Obsessive Compulsive Disorder, or OCD as it is commonly called, is a lot more complex issue than many people realise. It is a very overused term however for sufferers OCD can be a very distressing and disruptive experience. It is mostly a disorder in which someone has obsessive thoughts followed by compulsive desires. Obsessions can manifest as thoughts, anxieties, doubts, fears, pictures, or urges, while compulsions can manifest in a variety of ways.

Obsessive Compulsive Disorder (OCD) symptoms can emerge or have its roots in childhood for many people. An individual with Obsessive Compulsive Disorder (OCD) may also suffer from other mental health issues, such as worry, guilt, and shame.

Sufferers often bring their experiences to counselling and therapy to learn about the particular stresses that trigger or exacerbate symptoms whilst also developing skills and strategies to manage and resolve them. 

Separation Anxiety Disorder 

Separation anxiety disorder can affect anyone at any age and there is a common misunderstanding that it only affects children and young people. Power feelings of anxiety are triggered by the absence of someone or something that provides a sense of security. The following are signs and symptoms of separation anxiety disorder:

  • Anxiety at being separated from loved ones.
  • Fear of losing a parent to illness or natural disaster on a regular basis
  • Afraid of being separated from my family, therefore I'm not leaving the house.

New situations, like moving away from loved ones, major life disappointments, traumatic events, losses and bereavements are all examples of events that might trigger separation anxiety. As one of the anxiety disorders it is often brought to counselling and therapy.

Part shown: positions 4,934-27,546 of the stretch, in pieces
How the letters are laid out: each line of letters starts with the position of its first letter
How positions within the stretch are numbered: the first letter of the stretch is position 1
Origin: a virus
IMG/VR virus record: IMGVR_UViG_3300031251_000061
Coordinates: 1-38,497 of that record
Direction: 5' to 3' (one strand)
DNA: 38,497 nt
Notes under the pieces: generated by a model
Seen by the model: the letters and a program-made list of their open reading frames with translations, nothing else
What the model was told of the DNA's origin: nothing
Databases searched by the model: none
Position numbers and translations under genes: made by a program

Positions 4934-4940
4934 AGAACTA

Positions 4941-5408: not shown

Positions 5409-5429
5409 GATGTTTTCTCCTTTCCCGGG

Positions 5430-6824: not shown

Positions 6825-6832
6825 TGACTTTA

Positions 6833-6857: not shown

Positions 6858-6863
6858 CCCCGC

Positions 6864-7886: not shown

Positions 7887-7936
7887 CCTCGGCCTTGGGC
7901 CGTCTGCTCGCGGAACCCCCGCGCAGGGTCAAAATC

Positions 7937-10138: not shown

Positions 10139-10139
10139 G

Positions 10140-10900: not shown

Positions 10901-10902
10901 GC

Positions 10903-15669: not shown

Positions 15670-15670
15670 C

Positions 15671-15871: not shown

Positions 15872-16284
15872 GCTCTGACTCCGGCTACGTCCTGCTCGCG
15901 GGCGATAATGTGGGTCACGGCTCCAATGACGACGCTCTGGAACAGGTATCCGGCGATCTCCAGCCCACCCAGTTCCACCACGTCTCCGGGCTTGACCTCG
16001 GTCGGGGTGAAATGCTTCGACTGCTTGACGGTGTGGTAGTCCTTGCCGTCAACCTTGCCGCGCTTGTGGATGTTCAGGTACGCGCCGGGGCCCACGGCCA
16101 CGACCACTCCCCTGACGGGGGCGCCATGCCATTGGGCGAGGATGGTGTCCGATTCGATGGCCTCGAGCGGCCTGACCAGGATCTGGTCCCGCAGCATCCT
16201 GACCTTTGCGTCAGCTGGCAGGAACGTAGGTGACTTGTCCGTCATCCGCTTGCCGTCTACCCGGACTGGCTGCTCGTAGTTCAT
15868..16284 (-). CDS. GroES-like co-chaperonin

Phobias are a specific manifestation of anxiety and are very commonplace. People maybe phobic in relation to animals, places / contexts, sex, bodily concerns for example blood and situations for example flying or dentists. Sufferers may find that their quality of life is severely affected by their phobias with them having to take avoiding actions which mean they feel upset with themselves, embarrassed, ashamed and sad about the things they find they cannot do, for example fly to a friends wedding.

Sufferers may experience panic attacks and prolonged suffering can be associated with other conditions including depression, substance misuse etc.

Counselling and psychotherapy can offer a space for exploring the experience of Phobias and examine ways for managing and alleviating symptoms. One particular technique used in the treatment of phobias is exposure therapy however our team will talk with you about what might be helpful.